Second Trimester: 14-28 Weeks

Your Body, Your Baby

Welcome to the second trimester of your pregnancy! Most women feel better, have more energy and experience less pregnancy symptoms during this time.

Your baby is becoming more active now and during the second trimester of pregnancy, you may feel a “fluttering” movement or tiny nudge around 18-22 weeks of pregnancy. This is also known as “quickening.”

Tests

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During the second trimester, there are some important tests you can expect:

Obstetric ultrasound: performed around 18-22 weeks of pregnancy; evaluates your baby’s heart, spine and limbs and may confirm gender.

Diabetes screen: blood test taken 1 hour after you drink a sugary liquid to determine if you are at risk for diabetes during pregnancy

Rhogam: if you have the Rh– blood type, you will receive this shot around 28 weeks of pregnancy to prevent development of harmful antibodies

Quad screen: blood test to measure hormones and determine if your baby has increased risk of birth defects

Changes in Your Body

Other important changes are happening in your second trimester including the pregnancy symptoms:

Breast changes: hormones of pregnancy contribute to growth; veins more noticeable as blood supply increases; may have yellow or white discharge (colostrum) from nipples. Wear a comfortable, supportive bra.

Heartburn, bloating, hiccups: burning feeling, fullness; common complaints that usually are not serious. Avoid spicy foods, sleep with head and shoulders slightly raised, eat small meals more frequently. Talk to your health-care provider about safe medication options.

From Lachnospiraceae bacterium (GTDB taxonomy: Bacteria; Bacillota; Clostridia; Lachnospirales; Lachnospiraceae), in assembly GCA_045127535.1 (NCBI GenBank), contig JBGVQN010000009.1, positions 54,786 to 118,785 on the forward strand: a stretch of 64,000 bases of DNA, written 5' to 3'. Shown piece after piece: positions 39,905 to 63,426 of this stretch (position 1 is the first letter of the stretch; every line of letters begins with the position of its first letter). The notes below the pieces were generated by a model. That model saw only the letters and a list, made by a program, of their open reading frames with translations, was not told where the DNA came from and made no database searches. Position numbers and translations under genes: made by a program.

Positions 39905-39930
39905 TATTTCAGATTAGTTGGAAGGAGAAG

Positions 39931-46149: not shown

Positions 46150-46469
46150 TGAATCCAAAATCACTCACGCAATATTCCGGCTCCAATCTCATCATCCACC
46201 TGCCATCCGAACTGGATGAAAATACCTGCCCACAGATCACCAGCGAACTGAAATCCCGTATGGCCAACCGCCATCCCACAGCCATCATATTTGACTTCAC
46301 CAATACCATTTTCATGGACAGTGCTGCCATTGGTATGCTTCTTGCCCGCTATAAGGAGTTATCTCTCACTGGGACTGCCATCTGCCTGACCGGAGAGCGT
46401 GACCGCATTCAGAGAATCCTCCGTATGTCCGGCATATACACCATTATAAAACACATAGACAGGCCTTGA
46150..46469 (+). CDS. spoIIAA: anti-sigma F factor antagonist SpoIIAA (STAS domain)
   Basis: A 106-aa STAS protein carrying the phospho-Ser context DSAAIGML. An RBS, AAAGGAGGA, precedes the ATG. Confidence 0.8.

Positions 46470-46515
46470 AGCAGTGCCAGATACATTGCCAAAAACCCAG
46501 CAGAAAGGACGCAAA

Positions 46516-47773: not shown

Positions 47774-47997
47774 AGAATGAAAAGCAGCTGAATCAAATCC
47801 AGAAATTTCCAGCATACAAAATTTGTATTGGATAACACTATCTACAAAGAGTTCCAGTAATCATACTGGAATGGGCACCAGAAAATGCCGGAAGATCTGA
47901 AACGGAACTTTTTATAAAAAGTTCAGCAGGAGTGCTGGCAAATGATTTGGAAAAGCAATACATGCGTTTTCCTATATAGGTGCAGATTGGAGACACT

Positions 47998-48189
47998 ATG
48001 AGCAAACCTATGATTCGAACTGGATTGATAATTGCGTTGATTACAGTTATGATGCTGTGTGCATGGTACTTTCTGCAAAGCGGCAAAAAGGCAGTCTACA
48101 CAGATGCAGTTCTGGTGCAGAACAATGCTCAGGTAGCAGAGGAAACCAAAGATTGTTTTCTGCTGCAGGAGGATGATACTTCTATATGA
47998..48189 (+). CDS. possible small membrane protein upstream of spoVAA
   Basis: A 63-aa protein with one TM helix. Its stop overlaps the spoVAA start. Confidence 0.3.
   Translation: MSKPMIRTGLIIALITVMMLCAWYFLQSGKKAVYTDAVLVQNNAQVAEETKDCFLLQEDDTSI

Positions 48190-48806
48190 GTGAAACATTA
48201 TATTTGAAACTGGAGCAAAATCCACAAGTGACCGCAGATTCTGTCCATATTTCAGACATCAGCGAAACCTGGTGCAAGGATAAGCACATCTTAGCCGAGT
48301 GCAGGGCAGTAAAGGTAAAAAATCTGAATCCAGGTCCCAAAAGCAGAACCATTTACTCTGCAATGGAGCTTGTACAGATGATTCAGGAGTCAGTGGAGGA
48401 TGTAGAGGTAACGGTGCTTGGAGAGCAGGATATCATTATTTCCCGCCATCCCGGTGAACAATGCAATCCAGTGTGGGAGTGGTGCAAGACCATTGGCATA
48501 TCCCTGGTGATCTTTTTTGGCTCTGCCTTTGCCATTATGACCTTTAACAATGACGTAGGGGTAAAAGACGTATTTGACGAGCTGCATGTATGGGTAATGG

Skin changes and stretch marks: hormones may increase pigment that changes the color of your skin; elastic supportive tissues under the skin change and get stretched, causing purplish or brown colored streaks, also known as stretch marks. Wear sunscreen and keep skin lubricated. Stretch marks may diminish after birth of your baby.

Round ligament pain: ligaments to support your uterus and the developing baby may cause pain when stretched or pulled; sharp, pulling feeling on either side of abdomen can happen when turning, twisting, coughing or sneezing. Change positions slowly and use hands to support your belly.

Back pain: the extra weight that you’re carrying causes back pain, creates more work for your muscles, puts stress on the joints. Wear low-heeled shoes with good arch support, wear an abdominal support belt, sit down and rest feet on a foot stool. If bending over, squat and bend at the knees and keep your back straight. Talk to your health-care provider about exercises that can help strengthen and stretch your back muscles, medication or other remedies.

Braxton Hicks contractions: tightening or contractions in lower abdomen or groin; usually weak and occur at various times that come and go. If painful or occur at regular intervals, contact your health-care provider immediately. This could be a sign of something more serious.

Preterm labor: serious medical emergency; can happen anytime from 20-37 weeks of pregnancy; occurs when the uterus (womb) contracts and the cervix opens earlier than normal. Call 9-1-1 or contact your health-care provider immediately by calling: 720-848-1060 f you experience any of these symptoms:

  • Uterine contractions -4 or more per hour
  • Cramps – may feel like menstrual cramps or gas pains that occur with or without diarrhea
  • Dull ache in lower back
  • Pelvic pressure or heaviness in lower abdomen, back or thighs
  • Vaginal discharge-pink or brown-tinged, watery, or you may notice more mucous
  • General sense that something is wrong - not feeling well but can’t link to a specific cause

Prenatal Education

The second trimester is the perfect time to take classes and learn more about labor, delivery, breastfeeding and parenting! The Colorado Institute for Maternal and Fetal Health offers a wide variety of birthing and parenting classes. Call us at 720-848-1741 to register.